The mock up image of the new project, pegged to open in 2026, looks like a shopping centre, so how does Aldred imagine a venue for dance music and expression, i.e. Printworks version 2.0, might fit with the vision? “Will you still be able to dance at Printworks? Yes,” he says. “Will you still be able to enjoy electronic music at Printworks? Yes. But might you also see ballet here, orchestras here, jazz performances here. But maybe in a new, modern electronic format.”
“Printworks will always be a venue for electronic art,” continues Aldred. “Just to be really, really clear, if through planning we are lucky enough to bring some form of culture back to Canada Water then electronic art in all their forms, whether that’s DJ EZ or visual art created through electronics, all that will be part of our future here at Printworks. It’s what made us famous.” So famous that pioneers of electronic music in the States have visited, then gone back home and created their own vision of a Printworks-style club in New York. “There are lookalike venues opening around the world because of Printworks,” says Aldred, talking about Navy Yard Clubhouse in New York and Arca in Sao Paulo, both built following Printworks. “They literally called and said, ‘We saw Printworks and went to find factories in Sao Paulo.’ That’s an absolute honour.”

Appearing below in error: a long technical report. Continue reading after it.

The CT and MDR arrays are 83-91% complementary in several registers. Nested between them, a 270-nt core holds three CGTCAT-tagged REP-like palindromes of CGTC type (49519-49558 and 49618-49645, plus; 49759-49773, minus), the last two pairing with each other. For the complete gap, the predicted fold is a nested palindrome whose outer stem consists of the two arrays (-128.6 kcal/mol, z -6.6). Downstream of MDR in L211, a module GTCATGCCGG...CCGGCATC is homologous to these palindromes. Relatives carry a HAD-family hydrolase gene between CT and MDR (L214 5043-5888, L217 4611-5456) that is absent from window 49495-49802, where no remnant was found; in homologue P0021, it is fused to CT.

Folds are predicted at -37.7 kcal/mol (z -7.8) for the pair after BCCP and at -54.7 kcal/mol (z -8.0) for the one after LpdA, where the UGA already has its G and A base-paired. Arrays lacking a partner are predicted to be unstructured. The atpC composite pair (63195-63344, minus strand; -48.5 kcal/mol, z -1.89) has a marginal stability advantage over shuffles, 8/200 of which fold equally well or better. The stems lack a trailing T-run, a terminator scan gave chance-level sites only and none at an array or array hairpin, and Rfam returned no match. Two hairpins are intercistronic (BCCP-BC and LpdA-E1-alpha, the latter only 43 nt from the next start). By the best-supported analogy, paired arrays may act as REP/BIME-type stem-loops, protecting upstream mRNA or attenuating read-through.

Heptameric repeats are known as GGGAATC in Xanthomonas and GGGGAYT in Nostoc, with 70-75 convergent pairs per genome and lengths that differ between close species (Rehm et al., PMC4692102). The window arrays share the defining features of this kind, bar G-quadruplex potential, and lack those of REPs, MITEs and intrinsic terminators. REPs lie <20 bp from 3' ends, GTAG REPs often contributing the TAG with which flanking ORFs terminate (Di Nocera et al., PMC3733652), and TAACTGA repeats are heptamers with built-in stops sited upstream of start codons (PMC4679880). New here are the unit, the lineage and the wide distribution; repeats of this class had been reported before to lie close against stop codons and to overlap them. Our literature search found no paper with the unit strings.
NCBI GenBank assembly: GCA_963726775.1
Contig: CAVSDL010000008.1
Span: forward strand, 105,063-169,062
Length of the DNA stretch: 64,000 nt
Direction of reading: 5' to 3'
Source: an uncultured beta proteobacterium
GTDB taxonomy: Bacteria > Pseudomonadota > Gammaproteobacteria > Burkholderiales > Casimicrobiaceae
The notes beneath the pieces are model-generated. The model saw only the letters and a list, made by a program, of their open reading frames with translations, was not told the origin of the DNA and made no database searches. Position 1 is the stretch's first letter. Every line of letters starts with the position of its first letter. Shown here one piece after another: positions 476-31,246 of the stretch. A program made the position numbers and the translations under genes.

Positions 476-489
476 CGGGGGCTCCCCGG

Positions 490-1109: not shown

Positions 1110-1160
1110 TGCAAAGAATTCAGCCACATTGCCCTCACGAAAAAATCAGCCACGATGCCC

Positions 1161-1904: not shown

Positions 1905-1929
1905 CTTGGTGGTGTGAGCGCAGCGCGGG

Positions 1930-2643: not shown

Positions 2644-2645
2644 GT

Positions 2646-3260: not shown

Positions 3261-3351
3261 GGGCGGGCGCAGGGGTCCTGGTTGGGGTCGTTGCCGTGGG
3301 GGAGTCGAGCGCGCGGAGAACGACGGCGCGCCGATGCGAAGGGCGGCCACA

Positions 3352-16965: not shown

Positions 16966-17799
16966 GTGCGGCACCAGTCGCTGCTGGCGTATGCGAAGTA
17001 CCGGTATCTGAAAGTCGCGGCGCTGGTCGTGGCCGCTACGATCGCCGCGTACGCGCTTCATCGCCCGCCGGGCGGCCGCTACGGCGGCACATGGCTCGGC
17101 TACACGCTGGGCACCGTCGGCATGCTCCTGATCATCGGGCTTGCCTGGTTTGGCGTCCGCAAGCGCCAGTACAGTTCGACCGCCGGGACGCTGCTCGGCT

On some shows, 25 per cent of ticket holders have been international, one of the stats Aldred’s most pleased with from the six year project. “It’s reminding the world where dance music we’re familiar with now came from,” he says. “As well as Detroit, and the black communities of America, it’s Essex and Manchester. Like we did with rock ‘n’ roll, we expanded on it and exploded it.”
Aldred hopes this will be the last insecure phase for Printworks, which they hope will become not just a template for how to make a good music venue, but a permanent one. Culture is too often pushed to the back by redevelopment plans, partly because there is a narrative peddled (with goodwill) by companies like Appear Here, who offer creatives discount rates to take over temporary spaces. All art is good: but this model sends the message that culture can only ever be temporary. “Everyone used to say fill in the gap,” says Aldred. “Permanency is so, so important. Some of the best work we’ve done here, having the London Symphony Orchestra here three weeks ago, that’s not a profitable show,” he says through laughter. “It helps us stretch our legs culturally. Having permanency allows us to take risks, and experiment. We’re a totally commercial organisation so we have to have the commercial with the less commercial in the mix.”
In the interim, Broadwick Live have over 15 cultural projects open across the UK, with many in the regions, and they’re in discussions with landlords over “multiple” venues within the M25. “It’s not a battle but we’ve definitely got some work to do,” he says.
But at the time of writing, Aldred was preparing for one final dance. For spending time with his team, “in a basic family sort of way.”
“Yes, I’ve got sadness,” he says. “But I’ve got hope as well.”
Printworks hopes to return in 2026